Over the next several weeks, 95 percent of people who signed up last year for a health plan through the federal insurance website, healthcare.gov, will be notified that their insurance will automatically renew for 2015. Earlier this year, the Department of Health and Human Service announced the process for the auto-renewal of policies.
However, people who signed up for a Medicaid plan may not know that they must take action to renew their coverage. CQ HealthBeat’s (@CQHealthTweet) Rebecca Adams reports that Medicaid recipients must reapply for coverage, even if their personal circumstances have not changed. The Medicaid program, which is largely administered by the states, requires each state to explain the renewal process. The varying state processes and accompanied documentation could result in some people losing coverage.
August 12, 2014
Medicare identification cards would no longer display beneficiaries’ Social Security numbers under a new bill outlined recently by the chairman of the House Ways and Means Subcommittee on Health. Rep. Kevin Brady, R-Texas, released the draft text of a measure that compiles a wide range of suggestions to thwart Medicare and Medicaid payment fraud and abuse. The proposals– collected from a bipartisan suggestions offered by committee members — range from halting payments for health services provided to deceased beneficiaries to enhanced fraud abuse monitoring of various specific provider payments, such as those for medical equipment, vacuum erection systems and ambulance services.
The aim of ending the printing of Social Security numbers on Medicare cards is to protect against possible fraud against Medicare beneficiaries, rather than to save the program’s money. The Medicare card is one of the few remaining federal documents that still display the full Social Security number, opening up the possibility for identity theft if the card is lost or stolen.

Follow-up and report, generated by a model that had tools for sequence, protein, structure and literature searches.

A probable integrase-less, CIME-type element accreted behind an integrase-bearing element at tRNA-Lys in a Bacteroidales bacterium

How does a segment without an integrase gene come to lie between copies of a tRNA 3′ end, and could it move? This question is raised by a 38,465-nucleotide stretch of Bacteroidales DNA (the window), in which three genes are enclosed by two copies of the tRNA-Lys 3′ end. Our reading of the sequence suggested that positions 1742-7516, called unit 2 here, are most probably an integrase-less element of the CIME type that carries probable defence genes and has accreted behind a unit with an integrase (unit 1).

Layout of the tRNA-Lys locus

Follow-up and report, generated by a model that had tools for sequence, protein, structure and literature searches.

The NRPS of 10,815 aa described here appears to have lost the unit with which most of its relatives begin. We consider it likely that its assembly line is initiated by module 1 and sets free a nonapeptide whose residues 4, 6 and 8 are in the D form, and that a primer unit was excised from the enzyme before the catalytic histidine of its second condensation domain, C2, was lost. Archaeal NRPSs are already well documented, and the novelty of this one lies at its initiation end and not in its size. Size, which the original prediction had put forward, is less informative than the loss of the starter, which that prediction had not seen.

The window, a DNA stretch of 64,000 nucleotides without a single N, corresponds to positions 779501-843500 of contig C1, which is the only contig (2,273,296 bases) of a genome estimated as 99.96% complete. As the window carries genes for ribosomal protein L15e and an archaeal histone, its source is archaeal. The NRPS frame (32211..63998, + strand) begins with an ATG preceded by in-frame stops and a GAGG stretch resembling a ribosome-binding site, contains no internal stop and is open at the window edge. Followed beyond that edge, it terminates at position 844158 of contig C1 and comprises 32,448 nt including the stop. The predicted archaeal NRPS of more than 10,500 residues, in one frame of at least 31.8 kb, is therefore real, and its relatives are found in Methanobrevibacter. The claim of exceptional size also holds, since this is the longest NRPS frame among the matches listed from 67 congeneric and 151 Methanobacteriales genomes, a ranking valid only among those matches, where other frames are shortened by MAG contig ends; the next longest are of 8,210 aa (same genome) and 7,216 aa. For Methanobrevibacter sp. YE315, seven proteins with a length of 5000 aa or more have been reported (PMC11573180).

Eliminating Social Security numbers on the card is a long-running bipartisan congressional objective that has not been taken up by the Centers for Medicare and Medicaid Services. HealthBeat’s John Reichard reported in April on questions about the ID card posed to CMS official at a panel hearing on Medicare fraud. The Medicare agency insists that it lacks the resources to make the change.
The Government Accountability Office in 2012 reviewed several options offered to CMS to change the Medicare card. The suggestions included replacing the number, only partially displaying it, or denoting it in a machine readable bar code.
July 31, 2014
A Government Accountability Office report released on Tuesday examines states’ increasing reliance on taxes on health care providers to help cover Medicaid spending.
July 30, 2014
July 18, 2014
The Medicaid program, which is managed by the states with federal funding, has always had a wide variation of coverage. Various demographic and political factors have set the different state programs apart. The Government Accountability Office this week released a review of Medicaid enrollee spending differences between the states.
July 17, 2014
One of the most widely accepted expectations of both proponents and opponents of the 2010 health care law was that health care utilization rates would increase as newly insured persons sought treatment options. However, a report this week from the Robert Wood Johnson Foundation and Athena Health Research does not show a deluge in new patients.
July 16, 2014
A House Energy and Commerce panel today examines the income verification process for health plan premium subsidies. Problems with the verification system became apparent in news reports published in May and the committee is mulling recent reports from the Department of Health and Human Services inspector general on problems with early planning and insufficient controls on the troubled subsidy verification process. Full story
July 11, 2014
July 10, 2014
The agencies of the Department of Health and Human Services are prolific in offering health care funding and research grant opportunities. In the wake of additional batch of health center teaching grants earlier this week, HHS on Tuesday announced $100 million in funding for 150 new health center sites.